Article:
November 19, 2018: Healing a Broken SpiritJosh Moody
Oh the sadness! Job continues with his lament. What can we say about these words that wrench the soul and speak of the ruin of the hope of man? Here is Job: he was doing so well, and then he was cut down. His beloved are dead. His finances are ruined. His body is in pain. And – to add insult to extreme injury – his friends have let him down. Can such a man survive? Can he retain his faith in God?
With these words you wonder whether he will.
My spirit is broken,
my days are cut short,
the grave awaits me.
With similarly pitiless words he berates himself, until at the end of this chapter he concludes:
where then is my hope –
who can see any hope for me?
Will it go down to the gates of death?
Will we descend together into the dust?’
Where then is his hope? The answer, O Christian, we have – in the eternal hope revealed in the person and work of Christ risen from the dead! But, oh what a lesson for us is this Job scrambling through darkness, asking painful personal questions, and with the little light that he has (pre-Christ), still believing! If Job, with all that has happened to him, with the little that he knows (and how much more we know this side of Christ and his resurrection), if Job can still believe, then surely we, O Christian, should be able to face these calamities!
This is what the apostle Paul speaks about in Philippians chapter 4 verses 12 and 13:
“I know what it is to be in need, and I know what it is to have plenty. I have learned the secret of being content in any and every situation, whether well fed or hungry, whether living in plenty or in want. I can do all this through him who gives me strength.”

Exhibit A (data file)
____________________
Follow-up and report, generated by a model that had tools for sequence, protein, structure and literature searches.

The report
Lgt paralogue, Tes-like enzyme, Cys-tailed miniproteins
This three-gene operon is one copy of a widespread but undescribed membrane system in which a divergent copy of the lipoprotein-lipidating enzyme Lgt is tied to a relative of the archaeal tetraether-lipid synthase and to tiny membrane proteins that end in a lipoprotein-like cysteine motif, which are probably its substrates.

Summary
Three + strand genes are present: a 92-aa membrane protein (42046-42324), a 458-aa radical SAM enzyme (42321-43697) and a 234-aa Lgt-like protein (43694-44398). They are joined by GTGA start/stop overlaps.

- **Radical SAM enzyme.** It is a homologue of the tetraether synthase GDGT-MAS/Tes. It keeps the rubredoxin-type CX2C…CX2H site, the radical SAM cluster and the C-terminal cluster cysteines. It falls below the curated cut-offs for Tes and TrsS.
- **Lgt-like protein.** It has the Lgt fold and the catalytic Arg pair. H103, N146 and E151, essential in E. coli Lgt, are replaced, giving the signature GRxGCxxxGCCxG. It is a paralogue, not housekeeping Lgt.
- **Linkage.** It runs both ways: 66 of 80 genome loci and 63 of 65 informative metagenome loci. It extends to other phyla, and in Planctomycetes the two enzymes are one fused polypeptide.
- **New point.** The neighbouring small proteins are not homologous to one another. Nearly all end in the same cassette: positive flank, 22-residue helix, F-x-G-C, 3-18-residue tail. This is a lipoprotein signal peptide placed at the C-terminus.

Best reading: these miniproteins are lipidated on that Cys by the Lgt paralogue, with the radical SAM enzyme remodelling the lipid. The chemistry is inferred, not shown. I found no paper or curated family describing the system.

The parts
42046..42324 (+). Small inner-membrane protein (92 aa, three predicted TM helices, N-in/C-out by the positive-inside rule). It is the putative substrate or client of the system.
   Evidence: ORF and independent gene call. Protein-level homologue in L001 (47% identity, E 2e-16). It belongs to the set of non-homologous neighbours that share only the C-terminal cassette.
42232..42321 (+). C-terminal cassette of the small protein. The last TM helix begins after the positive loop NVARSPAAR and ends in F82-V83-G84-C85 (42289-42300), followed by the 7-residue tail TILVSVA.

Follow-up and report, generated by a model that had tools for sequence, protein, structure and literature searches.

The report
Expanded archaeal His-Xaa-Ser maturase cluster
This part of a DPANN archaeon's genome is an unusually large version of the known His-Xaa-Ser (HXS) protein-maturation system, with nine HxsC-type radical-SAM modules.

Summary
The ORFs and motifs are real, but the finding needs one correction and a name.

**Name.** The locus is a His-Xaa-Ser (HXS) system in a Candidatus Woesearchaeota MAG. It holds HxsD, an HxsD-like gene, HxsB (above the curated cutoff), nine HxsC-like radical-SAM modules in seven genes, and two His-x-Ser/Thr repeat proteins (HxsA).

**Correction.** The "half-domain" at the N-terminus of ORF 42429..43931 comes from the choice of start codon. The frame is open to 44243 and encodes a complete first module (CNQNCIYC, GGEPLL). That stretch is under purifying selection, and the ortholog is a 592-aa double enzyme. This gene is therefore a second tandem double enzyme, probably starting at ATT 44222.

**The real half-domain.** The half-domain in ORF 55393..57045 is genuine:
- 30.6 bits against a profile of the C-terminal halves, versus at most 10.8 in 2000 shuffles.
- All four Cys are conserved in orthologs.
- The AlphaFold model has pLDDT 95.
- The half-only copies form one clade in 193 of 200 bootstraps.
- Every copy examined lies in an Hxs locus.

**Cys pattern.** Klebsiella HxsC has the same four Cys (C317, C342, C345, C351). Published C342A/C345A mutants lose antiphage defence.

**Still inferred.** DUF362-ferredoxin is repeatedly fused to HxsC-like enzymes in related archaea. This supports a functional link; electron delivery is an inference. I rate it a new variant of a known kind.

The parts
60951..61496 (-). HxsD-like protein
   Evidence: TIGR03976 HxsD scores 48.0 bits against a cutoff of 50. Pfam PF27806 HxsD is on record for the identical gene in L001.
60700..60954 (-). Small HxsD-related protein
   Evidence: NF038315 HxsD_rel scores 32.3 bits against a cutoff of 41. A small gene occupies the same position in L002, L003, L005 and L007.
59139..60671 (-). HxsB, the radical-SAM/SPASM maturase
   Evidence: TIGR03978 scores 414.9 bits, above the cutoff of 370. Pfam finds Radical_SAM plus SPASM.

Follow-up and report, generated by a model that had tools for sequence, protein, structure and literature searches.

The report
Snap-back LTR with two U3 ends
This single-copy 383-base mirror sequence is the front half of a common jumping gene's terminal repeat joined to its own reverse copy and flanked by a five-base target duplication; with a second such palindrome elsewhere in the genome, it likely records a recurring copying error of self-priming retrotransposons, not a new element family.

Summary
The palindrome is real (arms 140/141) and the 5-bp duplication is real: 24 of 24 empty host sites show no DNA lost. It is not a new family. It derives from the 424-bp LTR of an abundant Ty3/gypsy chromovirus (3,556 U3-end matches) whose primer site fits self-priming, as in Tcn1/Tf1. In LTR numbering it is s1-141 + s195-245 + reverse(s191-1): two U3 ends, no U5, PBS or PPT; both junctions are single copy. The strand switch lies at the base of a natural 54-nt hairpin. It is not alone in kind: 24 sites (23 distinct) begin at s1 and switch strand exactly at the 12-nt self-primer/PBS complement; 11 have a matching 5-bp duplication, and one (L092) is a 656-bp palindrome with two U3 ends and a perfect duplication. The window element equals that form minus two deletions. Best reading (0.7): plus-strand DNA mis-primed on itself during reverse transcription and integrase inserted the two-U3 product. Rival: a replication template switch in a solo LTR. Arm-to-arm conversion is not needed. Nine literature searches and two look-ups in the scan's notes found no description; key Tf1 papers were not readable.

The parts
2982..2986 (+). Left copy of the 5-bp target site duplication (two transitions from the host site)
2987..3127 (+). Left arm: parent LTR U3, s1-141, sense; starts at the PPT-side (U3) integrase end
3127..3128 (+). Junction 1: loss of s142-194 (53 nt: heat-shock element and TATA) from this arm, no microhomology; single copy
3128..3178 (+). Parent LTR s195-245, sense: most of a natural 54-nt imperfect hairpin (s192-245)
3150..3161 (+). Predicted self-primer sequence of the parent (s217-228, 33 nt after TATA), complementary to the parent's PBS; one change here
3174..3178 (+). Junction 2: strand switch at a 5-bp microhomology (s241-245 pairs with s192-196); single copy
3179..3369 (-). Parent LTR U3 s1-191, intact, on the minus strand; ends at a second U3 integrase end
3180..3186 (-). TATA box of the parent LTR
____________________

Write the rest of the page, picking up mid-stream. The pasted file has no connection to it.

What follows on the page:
This “secret of contentment” is based in the secret that has now been revealed – the eternal reward that is an anchor to the soul in the severest of storms: the resurrection of Christ from the dead! And that in Him we also will be raised. And therefore all our sufferings, even those which are most confusing and still make us feel at times as Job here plainly feels, all those sufferings we can now know are not purposeless but purposeful (Romans 8:28).
Perhaps you today feel like your “spirit is broken.” Take comfort, my friend. Take comfort that a godly saint like Job felt like that. And he survived. And lived to tell the tale. And is not to be rebuked for the pain that he felt or his expressions of that pain. And also, be comforted that you have more to go on than he did. You have the revelation of Christ, the secret has been revealed. That means that you know that your labor in the Lord is not in vain, but all the sufferings of your soul and body are woven together with Christ into the eternal purpose of God and have meaning and significance forever.